291 Colorado Rye Whiskey (Single Barrel) Review
A cowboy walks into a bar and says “gimme a whiskey” and a bottle of 291 Colorado Whiskey is slammed onto the bar…or, at least, that’s the idea that Owner and Distiller Michael Myers was looking to capture with his products. We have a bottle of the single barrel rye which is aspen stave finished. Sounds interesting so let’s take a look!
Michael Myers decided to branch out from a successful career as a professional photographer and get back to the roots of his childhood, and perhaps to the roots of Americas’ childhood as well. Heading west like a true pioneer, Myers quite literally converted his photography business into a distillery by using his copper photogravure plates to build his first still. Fast-forward to today, there is an entire portfolio of spirits coming from the brand–ten different spirits, as a matter of fact. Today we’re reviewing one of those ten, the single barrel rye. To see what they had to say about the whiskey, we visited the Distillery 291 website:
Our flagship, Colorado Whiskey, is a single barrel rye whiskey distilled in a copper pot still, aged in American white oak barrels for one year, and finished with aspen staves. Unique, yet traditional, it has a flavor profile of cinnamon, rye bread, oak, and maple.
Made from malted rye and corn mash.
50.8% Alc/Vol – 101.7 PROOF
The label tells us this is bottle 47 of 62, and it’s bottled at 101.7 proof. While there is no age statement, the back label tells us the whiskey is aged less than two years; it’s probably worth noting that this whiskey does not bear the “straight” designation. With how dark the product is, and the low number of bottles from the barrel, we can only assume this is aged in well-charred small barrels.
Nose – Very punchy grain leaps out of the glass first and foremost. Rye bread with a bit of dried fruit comes through…leaning toward a raisin note as it sits in the glass a bit.
Taste – Medium mouthfeel that seems good for the age. Has some heat in the form of rye and baking spice but it isn’t drinking too hot, as ambiguous as that may sound. There is classic rye coming through. Oak influenced fruit shows up to the party…but leaves early and some baking spice takes over the show.
Finish – Short/medium. The spice, rye bread, and dried fruit linger and mix with a bit of oaky leather, and the latter note is what holds on the longest.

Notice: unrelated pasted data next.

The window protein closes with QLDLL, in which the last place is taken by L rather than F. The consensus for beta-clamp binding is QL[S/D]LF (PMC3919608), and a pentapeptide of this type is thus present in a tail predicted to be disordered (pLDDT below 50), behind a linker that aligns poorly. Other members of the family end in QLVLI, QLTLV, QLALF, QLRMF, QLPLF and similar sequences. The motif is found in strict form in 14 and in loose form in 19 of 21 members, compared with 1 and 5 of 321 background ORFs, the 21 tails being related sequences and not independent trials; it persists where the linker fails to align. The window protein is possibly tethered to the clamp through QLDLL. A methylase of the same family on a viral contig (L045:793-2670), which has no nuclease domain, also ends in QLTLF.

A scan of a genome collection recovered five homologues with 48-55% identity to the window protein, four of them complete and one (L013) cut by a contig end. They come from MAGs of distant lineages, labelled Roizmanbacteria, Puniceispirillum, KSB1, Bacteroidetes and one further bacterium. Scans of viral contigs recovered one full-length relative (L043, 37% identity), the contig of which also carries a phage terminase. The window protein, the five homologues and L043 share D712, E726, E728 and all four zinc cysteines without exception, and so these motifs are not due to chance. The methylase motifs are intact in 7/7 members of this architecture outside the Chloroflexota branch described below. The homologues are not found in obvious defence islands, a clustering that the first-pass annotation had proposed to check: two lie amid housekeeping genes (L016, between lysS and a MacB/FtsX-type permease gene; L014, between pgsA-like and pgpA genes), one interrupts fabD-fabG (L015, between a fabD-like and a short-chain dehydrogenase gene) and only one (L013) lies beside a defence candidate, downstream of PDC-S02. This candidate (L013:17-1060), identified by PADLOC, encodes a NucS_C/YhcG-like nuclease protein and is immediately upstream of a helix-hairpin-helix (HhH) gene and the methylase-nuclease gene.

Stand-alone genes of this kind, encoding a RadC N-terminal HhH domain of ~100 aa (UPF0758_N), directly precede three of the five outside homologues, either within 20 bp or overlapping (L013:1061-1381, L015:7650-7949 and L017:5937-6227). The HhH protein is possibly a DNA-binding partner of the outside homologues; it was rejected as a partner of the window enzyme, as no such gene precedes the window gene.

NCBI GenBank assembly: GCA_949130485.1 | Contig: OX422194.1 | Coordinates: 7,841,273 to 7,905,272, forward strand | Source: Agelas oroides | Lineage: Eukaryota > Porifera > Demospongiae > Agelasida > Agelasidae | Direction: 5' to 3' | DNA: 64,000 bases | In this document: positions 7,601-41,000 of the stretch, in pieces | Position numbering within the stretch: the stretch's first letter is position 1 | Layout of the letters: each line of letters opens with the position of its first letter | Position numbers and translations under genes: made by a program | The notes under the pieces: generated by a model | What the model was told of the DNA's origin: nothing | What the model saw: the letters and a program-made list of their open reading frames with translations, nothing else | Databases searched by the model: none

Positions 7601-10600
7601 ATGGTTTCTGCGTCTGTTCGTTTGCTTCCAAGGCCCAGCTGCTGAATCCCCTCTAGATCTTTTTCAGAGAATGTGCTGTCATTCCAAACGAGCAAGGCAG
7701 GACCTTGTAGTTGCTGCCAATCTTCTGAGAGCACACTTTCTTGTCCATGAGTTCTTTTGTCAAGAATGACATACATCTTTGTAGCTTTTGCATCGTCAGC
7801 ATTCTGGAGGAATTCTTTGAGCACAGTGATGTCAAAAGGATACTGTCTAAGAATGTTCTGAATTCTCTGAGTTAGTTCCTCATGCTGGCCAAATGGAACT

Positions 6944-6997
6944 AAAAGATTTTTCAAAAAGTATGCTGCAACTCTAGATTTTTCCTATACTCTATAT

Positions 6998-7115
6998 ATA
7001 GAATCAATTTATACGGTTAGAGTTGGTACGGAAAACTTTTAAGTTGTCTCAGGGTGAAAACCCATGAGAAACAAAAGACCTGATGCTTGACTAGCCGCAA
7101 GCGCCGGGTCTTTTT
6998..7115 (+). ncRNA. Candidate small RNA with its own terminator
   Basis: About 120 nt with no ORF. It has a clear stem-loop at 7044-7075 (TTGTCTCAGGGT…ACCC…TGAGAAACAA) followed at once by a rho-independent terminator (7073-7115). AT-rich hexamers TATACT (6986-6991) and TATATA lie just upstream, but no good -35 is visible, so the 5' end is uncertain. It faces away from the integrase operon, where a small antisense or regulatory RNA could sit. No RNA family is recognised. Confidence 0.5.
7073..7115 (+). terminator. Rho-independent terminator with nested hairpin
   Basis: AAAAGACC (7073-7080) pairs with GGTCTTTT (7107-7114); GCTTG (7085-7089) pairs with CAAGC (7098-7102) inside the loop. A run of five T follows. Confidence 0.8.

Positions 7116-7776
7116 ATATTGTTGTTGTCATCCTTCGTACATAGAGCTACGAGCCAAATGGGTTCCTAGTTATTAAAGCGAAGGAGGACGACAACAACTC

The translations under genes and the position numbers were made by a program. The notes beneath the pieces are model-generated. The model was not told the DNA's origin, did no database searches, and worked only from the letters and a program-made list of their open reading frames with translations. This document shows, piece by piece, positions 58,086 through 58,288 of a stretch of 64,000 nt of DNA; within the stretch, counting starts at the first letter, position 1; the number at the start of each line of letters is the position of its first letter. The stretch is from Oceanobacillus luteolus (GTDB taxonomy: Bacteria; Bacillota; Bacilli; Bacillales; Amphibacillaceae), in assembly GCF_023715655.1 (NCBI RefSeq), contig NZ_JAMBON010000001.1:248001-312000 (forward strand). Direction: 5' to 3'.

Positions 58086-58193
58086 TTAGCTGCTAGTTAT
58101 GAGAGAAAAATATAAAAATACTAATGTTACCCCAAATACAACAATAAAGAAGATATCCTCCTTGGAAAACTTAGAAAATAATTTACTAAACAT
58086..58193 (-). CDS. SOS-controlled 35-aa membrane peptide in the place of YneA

Craft Corner Evaluation: Not Ready
This whiskey was tasted on it’s own, and then again tasted in a blind comparison alongside three other rye offerings that were close in proof. With all of the stickers from awards on the bottle I had a bit higher hope for the whiskey, but it’s important to remember that this is a single barrel product so we will have to assume this barrel wasn’t quite on-par with the barrel/s that were in competitions. I have no idea if the aspen stave finish had an impact on the product, it would be interesting to try 291 rye with and without the finish to dig into that a bit deeper. There is promise in this bottle with the toasty spicy rye and jam profile, but the whiskey itself seems like it would benefit from a few more years in the barrel. For me, it’s just not there yet.
Our Craft Corner Evaluation: As mentioned in our About Us page, we’re excited to share bourbon with our friends, family, and readers. There are enough critics, cynics, and curmudgeons in the whiskey world as it is. Our goal is to foster the bourbon community in a positive way by bringing fun and entertaining content whenever possible. As such, we decided that applying precise scores to whiskey was simply too serious for us. While there isn’t a true definition of the Craft Whiskey category, we want to explore spirits from brands who identify as “Craft” with a system that indicates if the spirit is “Ready, Close to Ready, or Not Ready” as a means of dictating how close the spirit is to being on par with offerings from major distillers within the same price range. Pour a bit and enjoy, friends, these are the good old days of whiskey!